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  • A Legacy of Natural Fibers

    Published Sep 26 2019 in bamboo, design, diane kennedy, environmentally friendly, fabric, inspiration, Made in Canada

    My love of natural fibers began at an early age. As a gift, my mother bought me a miniature sewing machine and as a result, I spent hours near her as she worked. Some of my early 'toys' were often boxes of buttons, spools of wooden thread and of course her drawer of beautiful fabrics.

    Spools Of Thread - Diane Kennedy

    My mother sewed beautifully and taught me to sew. She had wonderful clothes made of natural fibers; wool coats, cashmere sweaters, silk and cotton dresses and lovely garments made out of Viyella (cotton and wool blend). I learned early to appreciate the feel of the quality fabric.

    My appreciation for natural fibers continues to this day. 99% of my designs are executed in natural fibers like bamboo.

    Swatches - Diane Kennedy

    Natural for the Planet

    With so many brands made from polyester, especially in the plus sizes, I prefer to be the alternative. Part of the allure of polyester is its inexpensive cost, which brings down the price of the garment. While the polyester fabric may be affordable to purchase, the cost to our planet is high. Did you know that Polyester and indeed most synthetic fibers are derived from crude oil drilled right out of the earth? Polyester is a polymer, or a long chain of repeating molecular units, which is a plastic derived from crude oil.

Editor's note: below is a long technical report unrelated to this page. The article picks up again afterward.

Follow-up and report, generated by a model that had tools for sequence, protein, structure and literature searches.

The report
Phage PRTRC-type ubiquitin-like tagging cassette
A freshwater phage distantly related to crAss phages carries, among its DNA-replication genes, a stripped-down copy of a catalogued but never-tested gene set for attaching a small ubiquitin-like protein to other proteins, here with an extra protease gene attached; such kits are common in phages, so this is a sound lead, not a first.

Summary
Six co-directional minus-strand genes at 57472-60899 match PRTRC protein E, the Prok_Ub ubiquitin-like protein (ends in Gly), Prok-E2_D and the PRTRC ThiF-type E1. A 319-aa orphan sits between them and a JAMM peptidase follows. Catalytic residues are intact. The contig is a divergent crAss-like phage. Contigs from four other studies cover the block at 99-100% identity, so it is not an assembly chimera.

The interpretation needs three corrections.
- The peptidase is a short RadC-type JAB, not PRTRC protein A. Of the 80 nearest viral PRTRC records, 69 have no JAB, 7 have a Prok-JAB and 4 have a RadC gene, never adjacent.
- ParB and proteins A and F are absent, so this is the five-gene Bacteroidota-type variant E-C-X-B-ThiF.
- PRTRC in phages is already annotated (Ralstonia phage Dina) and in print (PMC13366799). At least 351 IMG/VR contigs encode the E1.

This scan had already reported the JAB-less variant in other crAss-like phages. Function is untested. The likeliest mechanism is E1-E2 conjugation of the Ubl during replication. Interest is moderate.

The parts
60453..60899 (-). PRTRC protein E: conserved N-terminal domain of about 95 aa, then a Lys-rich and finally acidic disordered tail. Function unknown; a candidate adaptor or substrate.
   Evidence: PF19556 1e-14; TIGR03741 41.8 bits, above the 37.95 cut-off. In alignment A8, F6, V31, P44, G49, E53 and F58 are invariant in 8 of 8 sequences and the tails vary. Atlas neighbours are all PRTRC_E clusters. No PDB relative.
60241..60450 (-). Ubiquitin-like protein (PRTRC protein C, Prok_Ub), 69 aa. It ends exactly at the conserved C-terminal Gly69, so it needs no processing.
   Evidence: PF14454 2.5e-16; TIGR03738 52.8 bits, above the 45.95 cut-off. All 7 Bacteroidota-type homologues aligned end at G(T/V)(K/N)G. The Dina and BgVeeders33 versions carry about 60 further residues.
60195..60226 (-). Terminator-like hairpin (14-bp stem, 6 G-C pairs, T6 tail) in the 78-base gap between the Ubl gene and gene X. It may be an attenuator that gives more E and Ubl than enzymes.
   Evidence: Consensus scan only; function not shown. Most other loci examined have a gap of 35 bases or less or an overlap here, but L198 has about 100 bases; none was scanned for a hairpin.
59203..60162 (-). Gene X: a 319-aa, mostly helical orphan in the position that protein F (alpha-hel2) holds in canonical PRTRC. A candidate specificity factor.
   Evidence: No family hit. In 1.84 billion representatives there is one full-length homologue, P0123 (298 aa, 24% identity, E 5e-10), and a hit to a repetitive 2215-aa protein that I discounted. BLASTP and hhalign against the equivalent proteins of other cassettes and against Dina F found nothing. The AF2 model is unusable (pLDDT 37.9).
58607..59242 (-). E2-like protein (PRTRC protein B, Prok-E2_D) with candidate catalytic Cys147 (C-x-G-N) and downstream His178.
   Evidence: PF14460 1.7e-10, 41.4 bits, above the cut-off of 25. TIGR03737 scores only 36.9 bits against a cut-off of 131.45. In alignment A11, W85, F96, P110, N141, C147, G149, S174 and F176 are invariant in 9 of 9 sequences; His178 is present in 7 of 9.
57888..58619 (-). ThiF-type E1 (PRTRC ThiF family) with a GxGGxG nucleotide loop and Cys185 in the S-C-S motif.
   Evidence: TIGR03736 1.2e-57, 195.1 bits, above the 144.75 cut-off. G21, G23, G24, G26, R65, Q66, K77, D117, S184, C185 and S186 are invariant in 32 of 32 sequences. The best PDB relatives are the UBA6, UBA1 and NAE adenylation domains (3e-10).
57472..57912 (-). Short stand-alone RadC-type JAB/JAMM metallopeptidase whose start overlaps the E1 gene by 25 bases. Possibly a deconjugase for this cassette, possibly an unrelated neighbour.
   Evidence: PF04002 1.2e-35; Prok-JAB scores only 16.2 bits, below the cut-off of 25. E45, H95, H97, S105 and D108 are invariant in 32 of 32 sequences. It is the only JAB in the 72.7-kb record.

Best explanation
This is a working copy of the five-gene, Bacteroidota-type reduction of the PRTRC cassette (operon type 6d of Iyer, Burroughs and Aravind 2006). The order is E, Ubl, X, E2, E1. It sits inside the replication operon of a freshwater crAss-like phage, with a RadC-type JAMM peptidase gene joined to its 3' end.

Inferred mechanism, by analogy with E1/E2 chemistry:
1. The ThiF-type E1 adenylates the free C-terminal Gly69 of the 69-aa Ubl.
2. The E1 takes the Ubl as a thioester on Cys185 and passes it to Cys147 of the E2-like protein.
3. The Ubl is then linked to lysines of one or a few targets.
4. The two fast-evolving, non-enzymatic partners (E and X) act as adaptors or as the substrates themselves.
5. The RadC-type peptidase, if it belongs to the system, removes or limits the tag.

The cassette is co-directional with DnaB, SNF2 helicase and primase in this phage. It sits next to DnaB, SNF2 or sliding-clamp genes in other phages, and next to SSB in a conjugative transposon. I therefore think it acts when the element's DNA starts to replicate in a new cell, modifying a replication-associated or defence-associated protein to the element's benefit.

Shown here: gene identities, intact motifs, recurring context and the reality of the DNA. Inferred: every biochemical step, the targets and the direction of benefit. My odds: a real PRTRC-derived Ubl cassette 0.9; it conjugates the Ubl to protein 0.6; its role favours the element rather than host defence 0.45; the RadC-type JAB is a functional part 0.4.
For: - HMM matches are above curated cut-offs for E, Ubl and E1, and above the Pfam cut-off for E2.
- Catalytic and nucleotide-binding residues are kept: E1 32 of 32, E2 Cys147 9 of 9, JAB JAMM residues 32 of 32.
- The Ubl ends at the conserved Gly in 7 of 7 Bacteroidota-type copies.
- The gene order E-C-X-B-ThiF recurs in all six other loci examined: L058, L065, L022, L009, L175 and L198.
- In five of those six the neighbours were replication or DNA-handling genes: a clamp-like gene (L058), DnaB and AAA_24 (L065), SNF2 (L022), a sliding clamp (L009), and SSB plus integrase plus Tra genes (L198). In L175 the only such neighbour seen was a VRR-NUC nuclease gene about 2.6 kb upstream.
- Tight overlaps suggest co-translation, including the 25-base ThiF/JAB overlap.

What about the cost to our bodies as well? I personally can't stand the feel of polyester on my body and immediately begin to perspire. I far prefer the feeling of soft natural fibers against my skin and the breathability and comfort that these fibers afford me. Like the food I put in my body, the clothes I wear I want to be in a natural state or as close to nature as possible.

     



    New arrivals made from softest bamboo can be found in our online shop here. Or visit us at our studio for one of our shopping weekends. We're open for shopping Oct 4 from 2-7 and Oct 5 from 11-5 @ 1635 Powell Street, Vancouver B.C.

  • How To Care For Your Bamboo Garments

    Published Aug 01 2019 in diane kennedy, eco, eco friendly, environmentally friendly, ethical, ethical fashion, shop local, shopping, silver models, style, sustainable, washing, zero waste

    Bamboo Garment Care

    If there's one thing that Diane Kennedy customers love about our garments, it's how effortless they are. Effortless to wear and care for, that is! Our signature bamboo fabrics are not only incredibly soft and comfortable, but they are also just as easy-breezy to maintain.

    diane kennedy, bamboo dress, eco-friendly garments

    Washing / Drying

    We recommend machine washing our bamboo garments in cold water using a mild eco-friendly soap. After washing, we suggest laying flat or hanging to dry. It's ok to put them in the dryer for a few minutes to get some of the moisture out, but please be sure to hang them up right away afterwards. Our bamboo fabric can hold quite a bit of moisture due to its unique cellular properties. It's ok to hang tops and 'shorter items', but longer items like pants might need to be laid flat to dry to ensure no stretching occurs. For longer tunics and bottoms, draping over a rack best preserves the shape of our garments.

    Bamboo, eco, natural fabrics, diane kennedy garments

    Packing for Travel